Google's AI quandary
Google's tough challenge at its I/O developer conference on Wednesday: Show that it's at the forefront of the white-hot generative AI battle while also reassuring more than a billion users that it's moving carefully enough to avoid AI's many potential harms and doomsday scenarios.
Why it matters: The company faces a chorus of critics, inside and out — with some saying it's moving too recklessly and others warning it's falling behind.
Driving the news: Google is expected to announce PaLM 2, an updated version of its large language model and rival to OpenAI's GPT-4, according to CNBC, which said the company also plans to show off new features for its Bard chatbot and generative AI enhancements to its search results.
- Google is also aiming to demonstrate that its cloud can compete for AI customers with Microsoft's Azure, which plays host to OpenAI's services. On this front, Google will announce a deal with Character.ai, a high-profile startup, executives from both companies tell Axios.
- Finally, Google is poised to announce new hardware and consumer services that take advantage of AI advances. It has shown glimpses of the Pixel Fold, its first foldable smartphone, and is also expected to debut other devices, including the Pixel 7a and perhaps a Pixel Tablet as well.
The big picture: Google is locked in a battle with Microsoft and OpenAI at the same time critics argue that it is allowing that competition to blind it to the real risks posed by its technology.
- Several key figures working on AI issues at Google have sounded alarms, including Timnit Gebru, who was ousted in 2020 along with several colleagues, and more recently Geoffrey Hinton, the machine-learning pioneer known as "The Godfather of AI," who left the company at the end of last month.
State of play: Microsoft and OpenAI have been racing to release products to the public, both consumer tools like ChatGPT and Dall-E 2 as well as services that businesses can use to make use of the underlying technology.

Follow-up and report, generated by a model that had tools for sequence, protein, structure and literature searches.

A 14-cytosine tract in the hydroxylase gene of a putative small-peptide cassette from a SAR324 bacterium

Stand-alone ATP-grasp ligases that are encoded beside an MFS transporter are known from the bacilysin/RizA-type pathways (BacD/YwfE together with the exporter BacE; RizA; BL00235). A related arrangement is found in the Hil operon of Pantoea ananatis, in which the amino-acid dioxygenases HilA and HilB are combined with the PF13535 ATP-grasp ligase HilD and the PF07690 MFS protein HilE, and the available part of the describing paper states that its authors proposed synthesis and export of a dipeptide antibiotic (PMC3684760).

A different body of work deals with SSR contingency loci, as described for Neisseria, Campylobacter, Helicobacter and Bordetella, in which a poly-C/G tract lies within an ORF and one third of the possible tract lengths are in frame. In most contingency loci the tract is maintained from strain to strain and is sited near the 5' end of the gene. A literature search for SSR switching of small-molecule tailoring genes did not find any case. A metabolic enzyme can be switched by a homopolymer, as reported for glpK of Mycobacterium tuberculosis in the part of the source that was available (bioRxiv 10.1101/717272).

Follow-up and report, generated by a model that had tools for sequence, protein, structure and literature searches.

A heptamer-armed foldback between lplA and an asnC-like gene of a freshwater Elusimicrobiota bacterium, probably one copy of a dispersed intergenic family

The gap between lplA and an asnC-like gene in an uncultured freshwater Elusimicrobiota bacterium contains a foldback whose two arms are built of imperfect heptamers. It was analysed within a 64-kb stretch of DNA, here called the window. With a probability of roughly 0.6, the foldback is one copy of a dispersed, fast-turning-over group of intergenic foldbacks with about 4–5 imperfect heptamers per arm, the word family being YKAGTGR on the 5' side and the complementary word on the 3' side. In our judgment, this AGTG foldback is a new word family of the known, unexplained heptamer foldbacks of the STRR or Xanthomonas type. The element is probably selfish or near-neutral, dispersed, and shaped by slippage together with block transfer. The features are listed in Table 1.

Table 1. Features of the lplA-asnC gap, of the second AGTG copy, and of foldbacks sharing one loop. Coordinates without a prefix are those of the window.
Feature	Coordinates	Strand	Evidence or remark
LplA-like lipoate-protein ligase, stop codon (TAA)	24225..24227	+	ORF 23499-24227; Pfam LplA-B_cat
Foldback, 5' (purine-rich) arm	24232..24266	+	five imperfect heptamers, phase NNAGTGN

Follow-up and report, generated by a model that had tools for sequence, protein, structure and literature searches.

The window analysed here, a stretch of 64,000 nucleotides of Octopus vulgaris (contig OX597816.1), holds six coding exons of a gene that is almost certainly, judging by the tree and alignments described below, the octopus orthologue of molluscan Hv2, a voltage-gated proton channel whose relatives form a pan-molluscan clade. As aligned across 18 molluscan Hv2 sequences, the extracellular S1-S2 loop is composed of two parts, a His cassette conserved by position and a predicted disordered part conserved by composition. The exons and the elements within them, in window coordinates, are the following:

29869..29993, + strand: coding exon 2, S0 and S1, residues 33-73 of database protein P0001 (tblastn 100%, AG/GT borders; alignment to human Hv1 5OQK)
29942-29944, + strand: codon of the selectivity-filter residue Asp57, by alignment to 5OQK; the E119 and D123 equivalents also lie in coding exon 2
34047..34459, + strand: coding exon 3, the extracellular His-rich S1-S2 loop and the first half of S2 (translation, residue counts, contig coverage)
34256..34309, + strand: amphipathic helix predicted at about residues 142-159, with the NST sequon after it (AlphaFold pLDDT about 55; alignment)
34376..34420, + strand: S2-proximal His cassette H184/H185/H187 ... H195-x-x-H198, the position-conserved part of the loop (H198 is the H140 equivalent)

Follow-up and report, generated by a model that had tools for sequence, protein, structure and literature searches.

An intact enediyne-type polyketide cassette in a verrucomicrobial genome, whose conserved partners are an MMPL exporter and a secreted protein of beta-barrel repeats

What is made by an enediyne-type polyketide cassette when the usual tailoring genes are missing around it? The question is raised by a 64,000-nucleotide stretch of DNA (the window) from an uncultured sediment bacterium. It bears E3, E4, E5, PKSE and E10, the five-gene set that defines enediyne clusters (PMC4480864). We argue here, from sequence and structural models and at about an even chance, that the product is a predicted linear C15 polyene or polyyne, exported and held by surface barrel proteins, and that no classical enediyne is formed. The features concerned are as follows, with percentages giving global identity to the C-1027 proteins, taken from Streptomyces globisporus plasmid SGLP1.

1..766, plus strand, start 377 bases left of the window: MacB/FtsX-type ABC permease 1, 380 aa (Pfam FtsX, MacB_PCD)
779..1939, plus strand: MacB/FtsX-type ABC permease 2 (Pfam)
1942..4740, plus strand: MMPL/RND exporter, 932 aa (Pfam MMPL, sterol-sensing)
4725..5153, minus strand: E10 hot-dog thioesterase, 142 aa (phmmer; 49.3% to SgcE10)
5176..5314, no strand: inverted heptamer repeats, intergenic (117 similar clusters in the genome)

- Microsoft said Monday that it is moving to a paid preview for 600 of its customers to use Copilots, Microsoft's term for the AI-powered assistants it's adding to programs including Word, Excel, PowerPoint, Outlook and OneNote, among others.
- Microsoft has also broadened its preview of the AI-powered Bing to include image and video results and eliminated the waitlist.
Between the lines: Delivering search results in the form of AI-generated conversation presents Google with a business dilemma.
- The vast majority of its revenue comes from advertisers who pay to include their links alongside search results.
- While the company certainly can — and likely will — place ads near conversational search results, it's not clear whether they will work as well as the current system for users or advertisers — or whether they will prove as profitable.
What they're saying: In an interview with Axios, Google Cloud CEO Thomas Kurian called Character.ai "by far one of the most sophisticated teams we are working with."
- Kurian said Google looks at the startup as both a customer and an engineering partner as it builds out its cloud computing services for AI.
- Character.AI chief Noam Shazeer — a former Googler — told Axios that he appreciated access to Google's TPU processors as an employee and is excited to continue taking advantage of their power. "Its going to really let us scale out our projects and really accelerate our research too," he said.
Details: Google's I/O keynote runs from 10am PT until around noon at Shoreline Amphitheater in Mountain View, with hundreds of thousands of people expected to watch online.